Seeing the Bigger Successes
Successful progress is a point where you start to see your dreams become a reality. It is also a reminder that you have more work to do. Just like the vegetable garden goal example, the roots of the seeds are just the beginning of the vegetable garden. From the roots, there is a long period of continuous growth and nurturing that is needed to turn it into a fully developed plant. Then another process for it to start to flower or bear fruit, and another process for it to make multitudes of others like it. This is just an example that 1 mile stone is just a door to another milestone that must be achieved.
As you continue your routine, you will start to realize that there are specific types of changes needed to continue to progress. Because of these changes, you will start to look for the mile stones towards your success, which then makes the subtle changes less noticeable. Like most habits, in the beginning, the process is new and every change matters. Of course, in the beginning you are also learning, so every change does matter. Over time, with continuous practice of your routines and steady progresses, you start to adapt to the new changes and settle into a different lifestyle. At this point, you will see the mile stones ahead, the next steps towards them, and even obstacles you may face more clearly. Your success path will be easier to map out, making your first true celebration worth waiting for.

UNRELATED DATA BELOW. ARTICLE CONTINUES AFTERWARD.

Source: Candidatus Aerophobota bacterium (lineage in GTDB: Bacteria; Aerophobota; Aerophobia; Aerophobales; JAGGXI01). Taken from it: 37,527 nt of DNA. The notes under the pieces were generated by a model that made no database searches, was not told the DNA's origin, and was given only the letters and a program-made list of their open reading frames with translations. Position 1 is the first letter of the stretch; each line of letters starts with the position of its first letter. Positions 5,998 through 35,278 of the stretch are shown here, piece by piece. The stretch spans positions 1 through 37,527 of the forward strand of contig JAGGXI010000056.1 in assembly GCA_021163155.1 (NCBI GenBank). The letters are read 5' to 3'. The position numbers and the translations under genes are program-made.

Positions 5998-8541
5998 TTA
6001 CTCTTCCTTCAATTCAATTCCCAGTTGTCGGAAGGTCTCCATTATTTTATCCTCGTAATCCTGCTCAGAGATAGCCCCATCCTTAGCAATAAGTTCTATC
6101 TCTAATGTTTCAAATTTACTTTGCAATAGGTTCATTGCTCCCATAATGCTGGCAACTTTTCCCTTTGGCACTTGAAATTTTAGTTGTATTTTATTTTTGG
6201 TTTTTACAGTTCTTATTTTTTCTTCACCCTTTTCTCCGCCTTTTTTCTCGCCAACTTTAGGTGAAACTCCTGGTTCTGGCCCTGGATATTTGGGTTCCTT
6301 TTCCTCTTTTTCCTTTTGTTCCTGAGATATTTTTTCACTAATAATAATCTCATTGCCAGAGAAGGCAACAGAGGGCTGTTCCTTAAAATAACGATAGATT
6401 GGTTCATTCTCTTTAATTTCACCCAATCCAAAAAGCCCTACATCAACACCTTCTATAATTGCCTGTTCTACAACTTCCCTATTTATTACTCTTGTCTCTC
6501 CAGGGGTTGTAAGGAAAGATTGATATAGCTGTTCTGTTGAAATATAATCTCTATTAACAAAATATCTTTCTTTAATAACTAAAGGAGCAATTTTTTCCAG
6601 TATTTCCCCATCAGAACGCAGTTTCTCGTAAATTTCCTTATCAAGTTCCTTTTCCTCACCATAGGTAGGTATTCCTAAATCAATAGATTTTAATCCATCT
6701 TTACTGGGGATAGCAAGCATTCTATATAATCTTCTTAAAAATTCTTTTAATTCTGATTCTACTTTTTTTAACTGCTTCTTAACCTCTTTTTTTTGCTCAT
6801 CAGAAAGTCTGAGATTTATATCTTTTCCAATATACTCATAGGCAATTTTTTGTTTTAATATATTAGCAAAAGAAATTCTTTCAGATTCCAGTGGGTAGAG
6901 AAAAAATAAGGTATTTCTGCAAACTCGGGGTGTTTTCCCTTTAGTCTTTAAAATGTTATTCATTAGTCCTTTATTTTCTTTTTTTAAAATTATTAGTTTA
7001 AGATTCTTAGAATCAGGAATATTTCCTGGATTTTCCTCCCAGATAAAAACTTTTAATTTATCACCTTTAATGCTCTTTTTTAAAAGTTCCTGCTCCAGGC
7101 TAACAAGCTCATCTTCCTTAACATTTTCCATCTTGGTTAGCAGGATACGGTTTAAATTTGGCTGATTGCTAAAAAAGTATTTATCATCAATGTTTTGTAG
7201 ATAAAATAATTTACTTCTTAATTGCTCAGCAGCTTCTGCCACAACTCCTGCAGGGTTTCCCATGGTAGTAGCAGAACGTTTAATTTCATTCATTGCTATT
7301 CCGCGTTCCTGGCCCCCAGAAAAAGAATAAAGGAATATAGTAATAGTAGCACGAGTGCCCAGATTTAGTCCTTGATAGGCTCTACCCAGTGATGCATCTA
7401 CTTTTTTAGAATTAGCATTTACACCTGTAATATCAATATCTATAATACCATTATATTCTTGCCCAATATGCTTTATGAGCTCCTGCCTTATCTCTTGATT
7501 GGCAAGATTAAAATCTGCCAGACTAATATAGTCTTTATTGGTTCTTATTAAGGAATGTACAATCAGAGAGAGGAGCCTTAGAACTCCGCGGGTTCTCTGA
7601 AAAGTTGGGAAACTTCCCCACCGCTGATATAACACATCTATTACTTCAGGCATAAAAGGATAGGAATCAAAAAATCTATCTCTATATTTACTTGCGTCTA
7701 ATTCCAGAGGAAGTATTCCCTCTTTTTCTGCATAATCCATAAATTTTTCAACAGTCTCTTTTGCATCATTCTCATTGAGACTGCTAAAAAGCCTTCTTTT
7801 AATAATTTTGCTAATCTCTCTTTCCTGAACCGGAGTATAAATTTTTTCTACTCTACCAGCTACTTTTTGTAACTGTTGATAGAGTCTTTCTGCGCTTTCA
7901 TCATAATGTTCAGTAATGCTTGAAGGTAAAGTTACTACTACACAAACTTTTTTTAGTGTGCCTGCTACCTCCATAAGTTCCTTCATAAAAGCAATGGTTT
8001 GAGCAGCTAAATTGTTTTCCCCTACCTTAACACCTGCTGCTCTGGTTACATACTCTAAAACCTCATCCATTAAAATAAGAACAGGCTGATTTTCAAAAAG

This is also the point where other people will start to see your changes. How they perceive these changes may be different to what you would expect. Keep in mind, this is now your new lifestyle. It is very important to you, so what others may perceive is only important if it promotes your success. You will see a bigger picture while others are only now able to see the smaller changes. You must always remember, you are aware of more than what others can see. Any advice taken should only be from those working with you or those who have succeeded at your goal. Yet, even then, it should be taken with consideration. You are capable of making good decisions for your your own success. Enjoy each successful progress achieved. Enjoy your your life journey!